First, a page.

On the evening of our wedding, after the ceremony and reception, my husband and I knelt down and washed each other’s feet. It was an act of love and humility that we wanted to be the foundation of our marriage. We had a beautiful example: A King who washed the feet of peasants; a Savior who washed the feet of sinners; a Friend who washed the feet of betrayers.
The washing of the disciples’ feet was the act of a dying man. With the last few moments of his precious life, Jesus knelt down. In the last hours with his closest friends, he served. This was the manifestation of the new commandment he was to give moments later at the Last Supper: “Love one another. As I have loved you, so you also should love one another.”
Love. This is what it is all about—the meaning of the Christian life. Jesus models love by washing not only the feet of his beloved friends, but of those who will betray him. He knows not only of Judas’ betrayal, but also of Peter’s—which probably stung him even more. He knows Peter, James, and John will fall asleep with him in the Garden. He knows that almost all of his disciples will flee during his torture and crucifixion. And yet he removes his outer garments and kneels to wash their dusty feet.
It would not have been a pleasant affair; their feet would have been caked in dirt and bathed in dust. Perhaps their toenails were long. The feet of these gruff men would have stunk. But I do not imagine that Christ poured just a few drops of water on their feet ceremoniously and then moved on. I believe he spent a few quiet moments with each Apostle, truly washing their feet clean of dirt and grime, and making each feel like the only person in the room. I imagine him drying them tenderly, and looking up with eyes that said, “I do all of this for you.”
Were the Apostles embarrassed by such a vulnerable display of affection? Scripture tells us that Peter recoils and says, “You will never wash my feet.”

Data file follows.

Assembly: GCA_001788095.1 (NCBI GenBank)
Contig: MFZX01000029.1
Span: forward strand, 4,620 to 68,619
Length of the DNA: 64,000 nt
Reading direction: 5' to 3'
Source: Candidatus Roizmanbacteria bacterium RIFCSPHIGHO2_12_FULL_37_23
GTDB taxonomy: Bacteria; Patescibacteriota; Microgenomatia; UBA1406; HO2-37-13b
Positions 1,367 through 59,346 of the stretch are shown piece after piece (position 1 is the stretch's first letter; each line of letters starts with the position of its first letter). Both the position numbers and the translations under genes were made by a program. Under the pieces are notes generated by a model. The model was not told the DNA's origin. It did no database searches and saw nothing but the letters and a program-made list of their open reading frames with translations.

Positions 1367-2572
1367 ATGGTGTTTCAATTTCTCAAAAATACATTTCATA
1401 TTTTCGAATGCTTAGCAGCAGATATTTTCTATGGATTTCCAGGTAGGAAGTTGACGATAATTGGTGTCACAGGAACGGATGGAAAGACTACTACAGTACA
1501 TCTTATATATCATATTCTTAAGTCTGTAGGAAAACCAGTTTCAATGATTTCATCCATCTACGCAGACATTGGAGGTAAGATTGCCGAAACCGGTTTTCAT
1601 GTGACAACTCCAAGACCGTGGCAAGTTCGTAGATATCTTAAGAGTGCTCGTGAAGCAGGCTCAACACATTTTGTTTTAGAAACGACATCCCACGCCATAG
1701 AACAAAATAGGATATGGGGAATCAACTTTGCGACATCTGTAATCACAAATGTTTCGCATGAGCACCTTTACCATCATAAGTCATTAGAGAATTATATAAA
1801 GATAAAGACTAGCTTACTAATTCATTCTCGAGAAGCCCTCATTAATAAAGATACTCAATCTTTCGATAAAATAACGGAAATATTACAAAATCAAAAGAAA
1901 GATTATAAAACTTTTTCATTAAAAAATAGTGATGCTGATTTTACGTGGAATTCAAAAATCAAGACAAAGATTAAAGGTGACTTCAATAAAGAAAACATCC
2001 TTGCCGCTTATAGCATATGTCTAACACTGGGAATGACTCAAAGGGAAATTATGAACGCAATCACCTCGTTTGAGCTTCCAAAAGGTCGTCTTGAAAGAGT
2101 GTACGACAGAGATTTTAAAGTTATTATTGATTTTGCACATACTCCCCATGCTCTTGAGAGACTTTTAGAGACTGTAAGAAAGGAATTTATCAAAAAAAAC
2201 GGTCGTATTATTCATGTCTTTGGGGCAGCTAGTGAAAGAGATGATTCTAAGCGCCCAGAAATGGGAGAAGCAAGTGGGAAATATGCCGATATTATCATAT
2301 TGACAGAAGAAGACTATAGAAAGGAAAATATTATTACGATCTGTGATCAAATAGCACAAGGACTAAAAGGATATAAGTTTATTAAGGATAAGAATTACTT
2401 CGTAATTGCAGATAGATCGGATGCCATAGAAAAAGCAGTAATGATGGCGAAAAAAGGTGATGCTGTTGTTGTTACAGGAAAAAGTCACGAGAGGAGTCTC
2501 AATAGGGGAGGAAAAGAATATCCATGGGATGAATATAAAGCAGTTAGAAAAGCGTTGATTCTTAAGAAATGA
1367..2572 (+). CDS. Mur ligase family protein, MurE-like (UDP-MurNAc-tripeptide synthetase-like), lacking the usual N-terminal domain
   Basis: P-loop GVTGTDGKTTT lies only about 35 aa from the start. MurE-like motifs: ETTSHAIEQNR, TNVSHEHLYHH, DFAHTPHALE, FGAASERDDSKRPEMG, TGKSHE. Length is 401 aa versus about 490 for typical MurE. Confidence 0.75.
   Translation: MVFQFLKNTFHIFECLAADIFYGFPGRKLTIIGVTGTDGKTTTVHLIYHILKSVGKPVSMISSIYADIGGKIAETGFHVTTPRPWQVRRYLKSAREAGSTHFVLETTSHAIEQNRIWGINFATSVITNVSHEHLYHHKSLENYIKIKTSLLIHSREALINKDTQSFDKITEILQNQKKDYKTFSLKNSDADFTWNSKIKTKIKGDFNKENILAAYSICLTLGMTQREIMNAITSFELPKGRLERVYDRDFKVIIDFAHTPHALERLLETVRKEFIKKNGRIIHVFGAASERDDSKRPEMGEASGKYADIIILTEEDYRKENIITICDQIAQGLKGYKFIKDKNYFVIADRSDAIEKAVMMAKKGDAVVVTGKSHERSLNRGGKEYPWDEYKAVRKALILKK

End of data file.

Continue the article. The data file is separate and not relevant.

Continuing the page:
For one man to kneel down and wash the feet of another required vulnerability. For the King of Kings to kneel down and wash the feet of sinners required sacrificial, humble, earth-shattering love. This love culminates for us this week on Good Friday, when we commemorate the crucifixion and death of Christ.
While the Church remembers the washing of the disciple’s feet on Holy Thursday, my husband and I have started a tradition of washing each other’s feet on our anniversary. Most recently, we did this on Valentine’s Day. On the day our culture celebrates love, it seemed appropriate to once again remind ourselves of what love actually looks like.
Has anyone ever washed your feet? Perhaps it was part of a Holy Week service at your church or school. Perhaps it was part of a retreat you went on. To have your feet washed is an intimate experience. I think it is often more uncomfortable for the one getting their feet washed than it is for the one doing the washing. In my case, I’m usually worried my feet smell or that my nails aren’t groomed. I’m so worried about what my feet will reveal about me and what the other person is thinking that it’s hard for me to enjoy and appreciate the solemnity and beauty of this moment. Perhaps my thoughts echo Peter: “You will never wash my feet.”
As we draw nearer and nearer to the pinnacle of our faith celebrated in the Triduum, we are probably coming to the end of Lent with dusty feet. We’ve trampled for about forty days in the desert and have probably stumbled in our Lenten observances a few times. Our feet may be caked in inadequacy, sin, or weakness. Maybe you, like me, are thinking so much about what’s on your feet that you’re unable to look Christ in the eye and allow him to thoroughly wash you.